There are probably more people who would have that difficulty if they had to handle the killing and cleaning parts, too...

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kazahana wrote

Science is not done by just telling people X is pseudoscience and thus not worth considering. It is done by evidence and evidence alone.

There is plenty of evidence by which to judge IQ. Throwing it out just because is no different from those who cling to it just because.

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kazahana wrote

iq and iq comparison are science

bad science is still science and needs to be addressed the same way all other science is: a good old fashioned effort at disproving it

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kazahana wrote

women are easier to convince of climate change and he is implying it is because women are stupid and therefore obviously climate change is wrong

he conveniently left out that higher IQ is also associated with higher belief in climate change and his so-called "gullibility" etc.

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kazahana wrote (edited )

it primarily captures working memory

there are countless mostly independent aspects of cognition and most IQ tests are heavily weighted toward capturing only one or two of them, and then in the event a test does measure two it tends to immediately conflate them into one score regardless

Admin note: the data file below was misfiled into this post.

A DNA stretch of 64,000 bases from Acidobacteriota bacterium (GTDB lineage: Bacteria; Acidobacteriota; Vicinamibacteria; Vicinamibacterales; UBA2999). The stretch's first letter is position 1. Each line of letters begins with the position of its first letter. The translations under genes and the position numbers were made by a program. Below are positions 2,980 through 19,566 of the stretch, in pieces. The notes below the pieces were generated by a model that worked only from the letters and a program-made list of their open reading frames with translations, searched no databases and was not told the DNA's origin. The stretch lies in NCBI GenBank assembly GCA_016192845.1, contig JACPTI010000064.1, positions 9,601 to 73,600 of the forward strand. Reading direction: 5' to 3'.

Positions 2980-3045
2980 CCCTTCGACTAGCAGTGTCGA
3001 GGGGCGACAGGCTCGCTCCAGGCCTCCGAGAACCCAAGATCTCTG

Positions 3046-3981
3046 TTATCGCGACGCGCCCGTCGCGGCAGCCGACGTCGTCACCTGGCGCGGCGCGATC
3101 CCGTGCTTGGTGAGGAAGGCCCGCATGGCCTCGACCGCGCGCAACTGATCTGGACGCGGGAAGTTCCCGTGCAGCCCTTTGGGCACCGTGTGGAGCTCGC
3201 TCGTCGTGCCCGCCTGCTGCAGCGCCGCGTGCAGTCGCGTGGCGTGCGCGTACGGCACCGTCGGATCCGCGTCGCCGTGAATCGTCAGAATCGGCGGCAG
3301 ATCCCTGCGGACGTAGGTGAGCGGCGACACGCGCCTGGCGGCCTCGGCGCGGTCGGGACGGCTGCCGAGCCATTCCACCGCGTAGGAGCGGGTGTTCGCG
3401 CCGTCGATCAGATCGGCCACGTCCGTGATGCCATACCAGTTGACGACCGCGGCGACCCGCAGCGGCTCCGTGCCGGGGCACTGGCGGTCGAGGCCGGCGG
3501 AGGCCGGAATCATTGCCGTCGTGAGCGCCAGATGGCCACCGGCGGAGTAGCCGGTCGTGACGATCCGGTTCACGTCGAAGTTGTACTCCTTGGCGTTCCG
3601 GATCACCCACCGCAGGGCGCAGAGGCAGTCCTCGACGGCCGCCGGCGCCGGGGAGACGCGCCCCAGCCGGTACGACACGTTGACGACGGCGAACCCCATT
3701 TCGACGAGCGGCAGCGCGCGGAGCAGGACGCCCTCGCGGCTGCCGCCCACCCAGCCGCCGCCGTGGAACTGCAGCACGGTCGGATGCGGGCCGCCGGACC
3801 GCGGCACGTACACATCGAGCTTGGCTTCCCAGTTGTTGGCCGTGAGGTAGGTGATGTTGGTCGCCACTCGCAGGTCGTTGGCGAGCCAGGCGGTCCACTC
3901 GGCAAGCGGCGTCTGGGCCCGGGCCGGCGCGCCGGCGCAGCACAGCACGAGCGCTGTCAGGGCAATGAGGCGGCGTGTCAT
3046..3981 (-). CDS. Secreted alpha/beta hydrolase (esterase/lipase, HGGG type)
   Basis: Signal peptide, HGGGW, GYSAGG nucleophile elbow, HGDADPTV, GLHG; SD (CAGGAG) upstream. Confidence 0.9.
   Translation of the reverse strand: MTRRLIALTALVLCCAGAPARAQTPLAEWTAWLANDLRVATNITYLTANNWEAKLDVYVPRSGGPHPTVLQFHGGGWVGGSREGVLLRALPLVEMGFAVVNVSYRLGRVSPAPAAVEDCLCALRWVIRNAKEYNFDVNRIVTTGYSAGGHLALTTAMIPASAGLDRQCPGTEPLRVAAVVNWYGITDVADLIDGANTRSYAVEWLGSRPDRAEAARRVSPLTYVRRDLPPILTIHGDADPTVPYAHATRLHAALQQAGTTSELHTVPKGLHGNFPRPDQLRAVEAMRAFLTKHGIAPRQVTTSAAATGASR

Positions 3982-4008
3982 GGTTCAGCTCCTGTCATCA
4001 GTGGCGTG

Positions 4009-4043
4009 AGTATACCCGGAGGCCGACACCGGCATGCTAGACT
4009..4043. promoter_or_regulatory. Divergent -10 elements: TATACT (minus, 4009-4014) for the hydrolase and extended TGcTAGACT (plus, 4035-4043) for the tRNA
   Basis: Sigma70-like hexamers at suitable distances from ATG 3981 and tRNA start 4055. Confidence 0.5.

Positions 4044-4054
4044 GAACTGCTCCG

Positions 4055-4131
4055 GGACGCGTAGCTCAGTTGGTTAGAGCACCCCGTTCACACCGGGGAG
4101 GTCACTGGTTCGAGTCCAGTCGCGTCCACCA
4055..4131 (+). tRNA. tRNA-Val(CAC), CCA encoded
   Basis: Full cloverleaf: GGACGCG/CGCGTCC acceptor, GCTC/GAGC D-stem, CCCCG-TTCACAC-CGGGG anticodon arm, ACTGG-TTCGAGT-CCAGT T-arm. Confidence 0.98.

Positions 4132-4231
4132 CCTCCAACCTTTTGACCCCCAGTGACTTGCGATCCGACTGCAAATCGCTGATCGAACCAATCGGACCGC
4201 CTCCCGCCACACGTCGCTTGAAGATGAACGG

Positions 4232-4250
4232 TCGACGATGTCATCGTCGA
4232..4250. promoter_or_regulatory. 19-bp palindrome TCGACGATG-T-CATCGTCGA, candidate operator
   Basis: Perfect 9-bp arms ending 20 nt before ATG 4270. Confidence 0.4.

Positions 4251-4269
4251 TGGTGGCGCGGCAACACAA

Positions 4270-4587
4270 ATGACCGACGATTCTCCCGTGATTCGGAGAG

the reason several dozen apparent "learning disabilities" exist to begin with is because different parts of the brain are being called upon to perform each of these things... and the fact that any one of them can function outside population norms and expectations should indicate that all of these things function on a spectrum

but some people just desperately want to boil all that down into a simple test like IQ which has shown extreme levels of test-retest variance and call it "g", the general intelligence factor

it is ridiculous

worse yet, a quick look at the literature shows direct measures designed to identify working memory alone actually are more useful measures of learning ability than IQ is... so why is IQ still a thing?

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kazahana wrote

Because the people deciding who the great philosophers are, are racist?

It would also be why you can apparently only be a great philosopher if you're white. Virtually every other culture in the world has a considerable history of philosophy or some field of thought very similar, but you're not very likely to hear about them when you could just hear Europeeuropeeurope all the time.

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kazahana wrote

iirc it's been found the areas in which men score higher on average are accounted for by the confidence gap, which basically means men are more likely to answer harder questions that women will more often just give up on

i haven't seen anything explaining or debunking the standard deviation difference though